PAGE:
Depression is one of the most common psychological problems, affecting nearly everyone at any stage of their lives. It causes pain and suffering, not only to the one affected but also to the ones close to the sufferer. Serious depression can paralyze lives. One should distinguish the thin line between general sadness and serious depression.

Signs and symptoms of depression in teens:

  • sadness or hopelessness
  • irritability, anger or hostility
  • tearfulness or frequent crying
  • withdrawal from friends and family
  • loss of interest or enjoyment in activities
  • changes in eating and sleeping habits
  • feelings of worthlessness and guilt
  • lack of enthusiasm and motivation
  • fatigue or lack of energy
  • restlessness and agitation
  • difficulty concentrating and making decisions
  • thoughts of death or suicide

If you are a parent and see similar symptoms in your teenager, take action right away. The sooner the problem is addressed, the better. Depression in teens can look very different from depression in adults. The following symptoms of depression are more common in teenagers than in their adult counterparts:

  • irritable, sudden outbursts or angry mood
  • unexplained aches and pains
  • extreme sensitivity to criticism
  • withdrawing from some, but not all people (unlike adults)

What are some of the problems that depression can cause in teens? The effects of teenage depression go far beyond a melancholy mood. In fact, many problematic behaviors or attitudes in teenagers are actually indications of depression. Remember that untreated depression can lead to: problems at school, running away from home, drug and alcohol abuse, low self-esteem, eating disorders, Internet addiction, reckless behavior, violence or self-injury, which can lead to suicide.

The question remains – what are you to do if your teen is depressed? The first thing you should do, if you suspect depression, is to talk to your teen about it. Share your concerns with your teenagers in a loving and non-judgmental way. Let your teen know, what specific signs of gloominess you’ve noticed, and why they worry you. Then, encourage your child to open up about what he or she is going through. As any parent knows, getting teens (depressed or not) to talk about their feelings is easier said than done. If your teen claims nothing is wrong, but has no explanation for what is causing the depressed behavior, you should trust your instincts. Remember that denial is a strong emotion. Furthermore, teenagers may not believe that what they’re experiencing is the result of depression. If you see depression’s warning signs, seek professional help. Neither you nor your teen is qualified to diagnose or rule depression out, so see a doctor or psychologist who can.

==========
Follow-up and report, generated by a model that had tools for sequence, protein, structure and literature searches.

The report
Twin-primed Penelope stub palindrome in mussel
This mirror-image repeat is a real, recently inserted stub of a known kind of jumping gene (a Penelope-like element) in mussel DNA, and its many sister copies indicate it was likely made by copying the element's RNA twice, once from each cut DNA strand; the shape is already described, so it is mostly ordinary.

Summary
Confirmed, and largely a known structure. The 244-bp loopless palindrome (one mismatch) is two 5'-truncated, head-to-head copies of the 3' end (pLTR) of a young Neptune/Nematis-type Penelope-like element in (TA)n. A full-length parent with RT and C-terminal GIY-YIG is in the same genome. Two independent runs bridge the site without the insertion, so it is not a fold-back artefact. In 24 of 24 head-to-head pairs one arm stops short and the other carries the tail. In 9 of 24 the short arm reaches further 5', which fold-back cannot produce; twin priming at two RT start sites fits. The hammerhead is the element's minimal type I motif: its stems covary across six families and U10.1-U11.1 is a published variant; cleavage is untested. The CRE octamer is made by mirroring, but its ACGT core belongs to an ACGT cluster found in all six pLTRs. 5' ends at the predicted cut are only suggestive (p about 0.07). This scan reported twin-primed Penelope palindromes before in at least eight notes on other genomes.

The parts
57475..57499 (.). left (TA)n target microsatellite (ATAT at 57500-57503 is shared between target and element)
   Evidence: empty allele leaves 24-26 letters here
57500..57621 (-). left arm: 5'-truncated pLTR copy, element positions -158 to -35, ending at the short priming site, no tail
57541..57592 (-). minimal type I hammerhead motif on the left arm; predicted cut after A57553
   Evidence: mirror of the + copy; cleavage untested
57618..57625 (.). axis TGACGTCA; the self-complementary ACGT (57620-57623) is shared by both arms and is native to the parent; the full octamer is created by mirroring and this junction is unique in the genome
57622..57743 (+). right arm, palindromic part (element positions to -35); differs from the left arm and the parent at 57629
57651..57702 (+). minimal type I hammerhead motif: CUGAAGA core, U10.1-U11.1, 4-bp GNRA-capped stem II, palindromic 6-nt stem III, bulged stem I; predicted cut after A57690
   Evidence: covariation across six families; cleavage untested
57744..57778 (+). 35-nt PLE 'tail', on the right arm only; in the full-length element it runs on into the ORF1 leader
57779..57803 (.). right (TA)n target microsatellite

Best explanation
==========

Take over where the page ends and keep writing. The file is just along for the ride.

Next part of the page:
Tips for talking to a depressed teen:

  • Offer support. Let depressed teenagers know that you’re there fully and unconditionally for them. Hold back your queries but make it clear that you are willing to provide whatever support they need.
  • Be gentle but persistent. If your adolescent shuts you out at first, be persistent. Talking about it can be very tough for teens. Be respectful of your child’s comfort level, while still emphasizing your concern and willingness to listen.
  • Listen, don’t lecture. Resist your urge to criticize or pass judgment, once your teenager begins to talk. The important thing is communication. Avoid offering unsolicited advice.
  • Validate feelings. Their feelings or concerns may seem silly or irrational to you, but don’t try to talk teens out of their depression. Simply acknowledge the pain and sadness they are feeling.
  • Your job here is not over. Then it’s your responsibility to help your teenager out of depression. Your support is greatly needed at this point. It is now more than ever that your teenager needs to know that he or she is valued, accepted and cared for.
  • Be understanding. Living with a depressed teenager can be difficult and draining. At times, you may experience exhaustion, rejection, despair, aggravation or any other number of negative emotions. During this trying time, it’s important to remember that your child is not being difficult on purpose. Be patient and understanding.
  • Encourage physical activity. Encourage your teenager to stay active. Exercise can go a long way toward relieving the symptoms of melancholy, so find ways to incorporate it into your teenager’s day. Something as simple as walking or going on a bike ride can be beneficial.
  • Encourage social activity. Isolation only makes gloominess worse, so encourage your teenager to see friends and praise efforts to socialize. Offer to take your teen out with friends or suggest social activities that might be of interest, such as sports, after-school clubs, etc.
  • Stay involved in treatment. Make sure your teenager is following all treatment instructions and going to therapy. It’s especially important that your child takes any prescribed medication as instructed. Track changes in your teen’s condition and call the doctor, if depression symptoms seem to be getting worse.
  • Learn about depression. Just like you would, if your child had a disease you knew very little about, read up on depression, so that you can be your own ‘expert.’ The more you know, the better equipped you’ll be to help your depressed teen.
  • Encourage your teenager to learn more about depression as well. Reading up on their condition can help depressed teens realize that they’re not alone, and give them a better understanding of what they’re going through.

 

I would like to recommend a book by Aiadh Ibn Abdullah Al-Qarni entitled “Don’t be Sad.” This book contains verses from the Quran, sayings of Prophet Muhammad (sa), of his companions and of wise people throughout history. “Be happy, at peace, and joyful; and don’t be sad” is the essence of this book.